Lung cancer symptoms can be mistaken for less serious medical conditions, but it’s strongly advised if you notice any of the signs to visit your GP straightaway.
A cough is one of the most common signs of lung cancer, but can be a sign of asthma, which is less serious.
But if you find yourself coughing up blood this could be an indicator of the disease.
When a lung cancer patient coughs up blood this is caused by bleeding in the airway. This can cause you to cough up blood, explains Mayo Clinic.
It adds: “Sometimes bleeding can become severe. Treatments are available to control bleeding.”
Blood isn’t the only symptom to look out for when you cough. One of the first things to look for is if your cough has lasted for three weeks or more.
You should also be wary of a change in a cough you’ve had for a long time.
Macmillan outlines other symptoms of lung cancer to watch out for:
- A chest infection that doesn’t get better, or repeated chest infections
- Feeling breathes and wheezy for no reason
- Chest or shoulder pain that doesn’t get better
- A hoarse voice for three weeks or more
- Losing weight for no obvious reason
- Feeling extremely tired
- The ends of fingers change shape – they may become larger or rounded (known as clubbing)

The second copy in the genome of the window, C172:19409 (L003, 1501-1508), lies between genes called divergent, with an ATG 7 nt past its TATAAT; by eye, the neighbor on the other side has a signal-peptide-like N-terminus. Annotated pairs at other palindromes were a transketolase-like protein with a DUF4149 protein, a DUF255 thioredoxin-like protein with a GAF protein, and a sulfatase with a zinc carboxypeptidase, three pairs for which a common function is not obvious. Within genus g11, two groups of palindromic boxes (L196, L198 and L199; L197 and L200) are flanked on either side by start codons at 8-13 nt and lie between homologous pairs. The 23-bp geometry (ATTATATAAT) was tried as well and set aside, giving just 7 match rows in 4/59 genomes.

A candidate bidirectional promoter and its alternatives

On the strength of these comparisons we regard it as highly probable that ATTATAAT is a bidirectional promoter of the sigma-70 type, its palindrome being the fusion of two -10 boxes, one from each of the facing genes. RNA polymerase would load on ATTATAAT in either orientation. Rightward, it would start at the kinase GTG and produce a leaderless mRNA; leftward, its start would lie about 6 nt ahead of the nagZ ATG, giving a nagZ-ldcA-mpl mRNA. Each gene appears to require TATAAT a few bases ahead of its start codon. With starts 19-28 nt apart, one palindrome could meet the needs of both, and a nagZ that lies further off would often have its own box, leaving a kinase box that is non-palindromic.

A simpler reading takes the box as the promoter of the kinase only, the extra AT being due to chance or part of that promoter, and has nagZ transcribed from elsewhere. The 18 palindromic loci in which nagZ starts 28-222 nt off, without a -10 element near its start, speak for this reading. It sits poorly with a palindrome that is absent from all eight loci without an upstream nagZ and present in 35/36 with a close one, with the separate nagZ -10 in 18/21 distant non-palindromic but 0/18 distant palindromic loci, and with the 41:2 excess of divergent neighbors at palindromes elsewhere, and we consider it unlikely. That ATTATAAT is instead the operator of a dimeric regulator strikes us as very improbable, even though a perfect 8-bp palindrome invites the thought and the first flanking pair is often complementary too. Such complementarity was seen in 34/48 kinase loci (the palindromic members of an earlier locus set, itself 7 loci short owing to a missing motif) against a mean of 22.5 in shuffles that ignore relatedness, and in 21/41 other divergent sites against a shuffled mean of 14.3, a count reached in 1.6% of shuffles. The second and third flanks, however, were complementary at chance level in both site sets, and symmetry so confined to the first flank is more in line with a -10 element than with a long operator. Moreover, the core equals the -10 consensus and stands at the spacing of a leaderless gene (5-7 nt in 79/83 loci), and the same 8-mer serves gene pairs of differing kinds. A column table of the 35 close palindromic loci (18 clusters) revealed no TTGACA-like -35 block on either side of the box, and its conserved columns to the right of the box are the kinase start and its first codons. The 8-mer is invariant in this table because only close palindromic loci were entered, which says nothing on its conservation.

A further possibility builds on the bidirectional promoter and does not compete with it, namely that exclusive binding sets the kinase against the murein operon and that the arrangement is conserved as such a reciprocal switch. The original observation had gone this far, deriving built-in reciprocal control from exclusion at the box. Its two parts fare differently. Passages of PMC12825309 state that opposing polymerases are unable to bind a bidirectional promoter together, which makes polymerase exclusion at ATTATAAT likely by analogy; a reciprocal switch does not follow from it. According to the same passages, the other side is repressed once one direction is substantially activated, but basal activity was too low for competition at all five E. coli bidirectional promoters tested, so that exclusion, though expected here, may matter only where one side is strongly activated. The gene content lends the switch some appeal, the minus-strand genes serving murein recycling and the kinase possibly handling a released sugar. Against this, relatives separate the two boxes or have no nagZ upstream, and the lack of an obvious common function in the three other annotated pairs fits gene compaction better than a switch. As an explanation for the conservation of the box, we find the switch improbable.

Another symptom people may not recognise as being linked to lung cancer is swelling in the face.
Swelling in the face can be a result of a superior vena cava obstruction.
The superior vena cava is a large vein in the chest which carries blood from the upper half of the body into the heart.
A superior vena cava obstruction happens when something blocks this blood flow, explains Macmillan.
The British charity adds on its website: “Superior vena cava obstruction is usually caused by lung cancer near to this vein. The cancer may be pressing on the vein or it may have spread to the lymph nodes nearby, causing them to swell.
“It can also be caused by a blood clot blocking the vein. This can happen if you’re having treatment through a central line.”
How do you treat superior vena cava?
Treatment may vary – a small tube can be put in the vein to keep it open, or radiotherapy or chemotherapy are also options.
Because lung cancer doesn’t usually cause noticeable symptoms until it has spread through the lungs or to other parts of the body, the outlook for the condition is not as good as other types of cancer.
The NHS says: “Overall, about one in three people with the condition live for at least a year after they’re diagnosed and about one in 20 people live at least 10 years.
“However, survival rates can vary widely, depending on how far the cancer ha spread at the time of diagnosis. Early diagnosis can make a big difference.”